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  • Author: Kimberly Byrwa-Neff x
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Kimberly Byrwa-Neff, Wendi Waugh and Rhondalyn Bomkamp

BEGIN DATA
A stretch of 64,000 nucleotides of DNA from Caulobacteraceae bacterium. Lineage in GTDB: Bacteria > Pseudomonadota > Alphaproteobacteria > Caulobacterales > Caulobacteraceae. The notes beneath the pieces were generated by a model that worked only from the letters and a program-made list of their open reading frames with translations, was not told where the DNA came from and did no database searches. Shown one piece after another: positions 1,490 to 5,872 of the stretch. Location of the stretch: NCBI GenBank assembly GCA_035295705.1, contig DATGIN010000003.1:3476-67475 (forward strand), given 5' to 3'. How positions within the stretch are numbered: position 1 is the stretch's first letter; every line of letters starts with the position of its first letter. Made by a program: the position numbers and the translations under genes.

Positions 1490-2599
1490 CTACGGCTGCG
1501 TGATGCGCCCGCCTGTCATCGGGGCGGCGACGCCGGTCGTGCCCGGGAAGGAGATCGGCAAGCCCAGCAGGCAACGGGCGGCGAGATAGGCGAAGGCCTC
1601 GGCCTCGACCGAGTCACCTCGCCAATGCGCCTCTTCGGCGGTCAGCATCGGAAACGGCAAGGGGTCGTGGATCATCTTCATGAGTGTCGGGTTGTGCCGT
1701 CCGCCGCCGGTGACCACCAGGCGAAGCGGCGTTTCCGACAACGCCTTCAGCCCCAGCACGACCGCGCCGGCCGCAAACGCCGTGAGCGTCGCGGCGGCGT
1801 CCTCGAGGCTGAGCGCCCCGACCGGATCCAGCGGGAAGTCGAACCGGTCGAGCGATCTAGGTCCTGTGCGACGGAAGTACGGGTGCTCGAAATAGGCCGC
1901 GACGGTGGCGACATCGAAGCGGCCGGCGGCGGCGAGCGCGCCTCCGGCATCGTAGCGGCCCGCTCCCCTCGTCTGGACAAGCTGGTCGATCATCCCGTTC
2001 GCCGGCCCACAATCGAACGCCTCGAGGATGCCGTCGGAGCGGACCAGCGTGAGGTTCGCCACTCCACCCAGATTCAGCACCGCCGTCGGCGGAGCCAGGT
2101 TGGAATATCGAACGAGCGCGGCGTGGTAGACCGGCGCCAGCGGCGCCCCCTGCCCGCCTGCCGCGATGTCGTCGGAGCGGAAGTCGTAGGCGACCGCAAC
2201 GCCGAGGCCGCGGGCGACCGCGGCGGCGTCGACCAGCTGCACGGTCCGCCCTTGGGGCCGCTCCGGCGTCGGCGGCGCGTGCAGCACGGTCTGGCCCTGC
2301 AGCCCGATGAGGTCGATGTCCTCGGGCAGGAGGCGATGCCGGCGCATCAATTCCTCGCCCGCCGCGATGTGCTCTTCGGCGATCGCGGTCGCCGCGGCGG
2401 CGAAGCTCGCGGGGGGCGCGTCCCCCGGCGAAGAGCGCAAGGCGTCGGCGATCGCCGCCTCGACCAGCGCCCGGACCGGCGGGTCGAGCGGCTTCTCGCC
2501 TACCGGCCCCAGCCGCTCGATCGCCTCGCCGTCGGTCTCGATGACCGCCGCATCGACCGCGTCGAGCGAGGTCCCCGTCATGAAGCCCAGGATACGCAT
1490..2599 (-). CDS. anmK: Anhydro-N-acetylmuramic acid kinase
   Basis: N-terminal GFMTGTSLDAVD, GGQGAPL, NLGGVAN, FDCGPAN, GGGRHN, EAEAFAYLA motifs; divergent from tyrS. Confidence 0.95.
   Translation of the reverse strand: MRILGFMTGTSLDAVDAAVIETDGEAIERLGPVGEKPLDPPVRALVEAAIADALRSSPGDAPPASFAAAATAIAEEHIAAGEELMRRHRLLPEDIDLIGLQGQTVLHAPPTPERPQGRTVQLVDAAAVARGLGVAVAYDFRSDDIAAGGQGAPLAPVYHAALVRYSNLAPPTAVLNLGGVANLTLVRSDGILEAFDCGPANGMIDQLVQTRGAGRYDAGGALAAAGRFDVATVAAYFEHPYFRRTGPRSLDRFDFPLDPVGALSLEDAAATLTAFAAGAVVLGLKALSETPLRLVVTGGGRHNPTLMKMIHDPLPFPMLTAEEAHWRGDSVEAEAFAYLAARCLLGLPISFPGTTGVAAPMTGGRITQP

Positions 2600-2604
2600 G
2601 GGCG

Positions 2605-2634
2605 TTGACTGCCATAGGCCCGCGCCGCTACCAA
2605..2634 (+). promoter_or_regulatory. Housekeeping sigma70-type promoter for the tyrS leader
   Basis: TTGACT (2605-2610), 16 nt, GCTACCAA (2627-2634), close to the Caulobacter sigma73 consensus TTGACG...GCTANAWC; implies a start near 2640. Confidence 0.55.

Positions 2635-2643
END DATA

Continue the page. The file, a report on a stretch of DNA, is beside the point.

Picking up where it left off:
Background: Southern Ohio Medical Center (SOMC) is a community hospital in Portsmouth, Ohio. Review of data pertaining to breast care delivery demonstrated opportunities for improvement. Analysis of the cadence of care processes across departments demonstrated delays in care and outmigration potential. One quality study demonstrated 10% of patients did NOT select SOMC for surgical intervention post biopsy. Method: SOMC reached out to industry for solutions and suggestions to better coordinate care and address barriers within the breast program. A team of clinical, process excellence specialists from Leica Biosystems conducted telephonic interviews and on-site assessments relative to internal processes and methods for care delivery. The SOMC Breast Health Leadership Team (BHLT) in concert with the Leica Biosystems Process Excellence Team identified the following barriers and opportunities: Barriers were (1) Lack of timely data to drive breast care coordination and prioritization; (2) Inefficiencies in patient scheduling; (3) Lack of common goal deployment across departments; and (4) Limitations of resources. Opportunities were to (1) Improve coordination, (2) improve quality and safety of care provided, (3) increase market share, and (4) increase patient loyalty. Results: The SOMC BHLT purposefully initiated interdepartmental communications and emphasized the importance of interdepartmental task interdependence. Data reviewed and collected during the on-site observational analysis provided baselines for opportunities for improvement in care delivery and pointed out where delays and risks for patient safety existed. Patients requiring additional imaging evaluation and/or comparison to prior mammograms (BI-RADS 0) experienced improvement when changes were implemented relative to scheduling; days from screening to diagnostic mammogram in 2017 was 21.8 days versus 6.5 days in 2018. Patients with BI-RADS 4 or 5 experienced improved timelines from diagnostic mammogram to biopsy, 4.5 days in 2017 to 2.5 days in 2018. Finally, 34% of patients received their biopsy within 24 hours in the fourth quarter in 2017 while 76% of the patients received a biopsy within 24 hours in the most recent quarter (July–September 2018). Conclusion: Working together, industry can provide expertise and guidance not always available in community hospital settings to help: identify barriers and opportunities, drive interdepartmental care optimization, reduce opportunity for outmigration, mitigate risks, and strive to improve quality.